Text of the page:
Falefa chief disputes L.T.C. support claim
An ongoing dispute about Falefa village's position on the proposed Land and Titles Court (L.T.C.) overhaul has deepened after local chief, Uava Vevesi Tovio, disputed claims the village was supporting the changes.
Uava, a well-known musician, was speaking in response to claims by the Acting Village Mayor, Fanualelei Purcell, that the village was backing the changes and had been "enlightened" by Member of Parliament, Alai'asa Sepulona Moananu.
He said that the views of two people could not be said to be representative of the village.
Those are the two whom Uava claim represent the village's support for the proposed L.T.C. changes spelt out in the Constitution Amendment Bill 2020, Land and Titles Bill 2020, and the Judicature Bill 2020.
Uava claimed the Falefa's Acting Pulenu'u was not qualified to speak on the matter.
"I refrain from going to our Village Council meetings because my sister also sits in and we have an agreement that she would be the one to sit in and she can report to me what is going on, and my sister said nothing about the village supporting the bills," said the 72-year-old.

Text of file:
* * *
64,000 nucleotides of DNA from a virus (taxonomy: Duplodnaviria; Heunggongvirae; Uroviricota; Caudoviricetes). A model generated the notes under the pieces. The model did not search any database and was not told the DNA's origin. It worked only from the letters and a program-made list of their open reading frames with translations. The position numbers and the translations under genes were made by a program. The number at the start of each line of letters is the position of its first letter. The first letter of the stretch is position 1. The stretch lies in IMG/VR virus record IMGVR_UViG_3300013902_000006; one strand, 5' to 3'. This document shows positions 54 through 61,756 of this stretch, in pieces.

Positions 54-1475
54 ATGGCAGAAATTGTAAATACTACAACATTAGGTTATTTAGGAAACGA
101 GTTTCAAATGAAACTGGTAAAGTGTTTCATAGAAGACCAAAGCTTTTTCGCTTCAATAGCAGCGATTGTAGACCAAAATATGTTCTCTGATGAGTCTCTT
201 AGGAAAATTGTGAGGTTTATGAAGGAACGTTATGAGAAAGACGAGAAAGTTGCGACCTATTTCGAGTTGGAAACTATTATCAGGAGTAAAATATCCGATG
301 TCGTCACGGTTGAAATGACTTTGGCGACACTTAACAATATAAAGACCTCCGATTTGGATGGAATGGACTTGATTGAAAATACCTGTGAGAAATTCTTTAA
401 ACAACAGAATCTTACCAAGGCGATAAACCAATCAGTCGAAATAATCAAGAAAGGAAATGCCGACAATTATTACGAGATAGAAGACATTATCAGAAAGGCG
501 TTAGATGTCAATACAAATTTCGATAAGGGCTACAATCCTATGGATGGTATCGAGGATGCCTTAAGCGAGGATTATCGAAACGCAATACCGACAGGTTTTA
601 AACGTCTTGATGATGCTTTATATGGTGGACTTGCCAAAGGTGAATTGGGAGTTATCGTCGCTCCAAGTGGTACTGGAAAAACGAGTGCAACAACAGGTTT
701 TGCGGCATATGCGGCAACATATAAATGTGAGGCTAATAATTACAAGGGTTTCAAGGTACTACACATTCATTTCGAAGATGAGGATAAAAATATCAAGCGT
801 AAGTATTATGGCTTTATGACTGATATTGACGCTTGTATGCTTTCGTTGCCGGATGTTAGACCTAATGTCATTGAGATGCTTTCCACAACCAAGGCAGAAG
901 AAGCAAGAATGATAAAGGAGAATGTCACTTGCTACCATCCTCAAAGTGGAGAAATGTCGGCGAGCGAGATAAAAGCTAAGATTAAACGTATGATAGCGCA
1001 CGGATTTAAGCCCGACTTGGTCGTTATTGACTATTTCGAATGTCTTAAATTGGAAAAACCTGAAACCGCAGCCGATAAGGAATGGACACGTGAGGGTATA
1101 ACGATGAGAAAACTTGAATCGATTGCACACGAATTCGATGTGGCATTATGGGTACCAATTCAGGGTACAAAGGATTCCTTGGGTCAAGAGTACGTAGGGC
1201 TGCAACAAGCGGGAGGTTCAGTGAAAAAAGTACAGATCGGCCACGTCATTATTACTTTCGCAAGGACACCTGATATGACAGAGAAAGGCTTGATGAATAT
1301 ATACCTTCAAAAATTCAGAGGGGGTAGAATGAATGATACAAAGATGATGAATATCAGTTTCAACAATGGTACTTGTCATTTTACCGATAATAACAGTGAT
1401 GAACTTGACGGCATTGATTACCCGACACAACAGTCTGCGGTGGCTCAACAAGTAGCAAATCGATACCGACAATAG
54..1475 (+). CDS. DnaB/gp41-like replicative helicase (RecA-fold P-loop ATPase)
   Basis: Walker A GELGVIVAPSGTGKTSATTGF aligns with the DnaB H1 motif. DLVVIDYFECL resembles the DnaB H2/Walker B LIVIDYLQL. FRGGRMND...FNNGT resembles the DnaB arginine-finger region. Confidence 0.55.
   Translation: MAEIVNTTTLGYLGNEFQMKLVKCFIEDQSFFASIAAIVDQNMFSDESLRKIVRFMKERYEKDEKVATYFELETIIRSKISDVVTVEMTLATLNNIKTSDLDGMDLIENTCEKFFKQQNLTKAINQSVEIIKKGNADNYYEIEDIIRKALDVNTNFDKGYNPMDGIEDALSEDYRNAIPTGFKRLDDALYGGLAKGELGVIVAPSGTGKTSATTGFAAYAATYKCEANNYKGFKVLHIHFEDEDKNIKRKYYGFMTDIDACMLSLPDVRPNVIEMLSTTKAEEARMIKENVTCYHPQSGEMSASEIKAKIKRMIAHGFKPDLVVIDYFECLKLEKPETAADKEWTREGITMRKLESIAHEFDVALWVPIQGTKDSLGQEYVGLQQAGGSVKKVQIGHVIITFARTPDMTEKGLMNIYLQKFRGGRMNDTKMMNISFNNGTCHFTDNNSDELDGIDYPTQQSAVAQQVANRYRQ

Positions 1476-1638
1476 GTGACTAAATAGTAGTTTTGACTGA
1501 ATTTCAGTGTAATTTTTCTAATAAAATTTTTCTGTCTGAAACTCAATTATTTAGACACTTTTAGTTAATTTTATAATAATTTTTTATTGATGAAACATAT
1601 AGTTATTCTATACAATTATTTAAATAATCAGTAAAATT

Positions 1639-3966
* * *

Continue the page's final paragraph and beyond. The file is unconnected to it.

"The mayor only thinks he knows what the bills are because it is what Alai'asa has told them. In terms of meaningful consultation and explanation of these bills to the village, there has been none. No committee has been there, not even the lawyers, they only heard Alai'asa.
"How can they support [the measures] when they do not understand the incoming changes? I can tell you for sure that not everyone from the village of Falefa supports the three bills."
These comments echo those made by another village chief, Tuilaepa Mary Grey, who told the Samoa Observer the village “ha[s] no idea” how the proposed restructure of the Lands and Titles Court (L.T.C.) will impact them.
Alai'asa was not immediately available for comment when contacted by this newspaper.
But the acting Mayor, Fanualelei, is adamant that the village is not uninformed, saying that the more than 300 matai who compose the Village Council look forward to providing input on the changes.
He said the Village Council had asked Alai'asa to communicate with the Parliamentary Committee and set a date so that the village could make submissions.
“Our village has asked our Member of Parliament because we have learned that members of the Parliamentary Committee will visit the villages…we don’t have a date yet. Our MP will tell us on Saturday what day Falefa can meet with the committee,” the M.P. said.
“But I strongly object to [the views of matai who say we are in] the dark about the bills. How can we be in the dark when we have been enlightened?"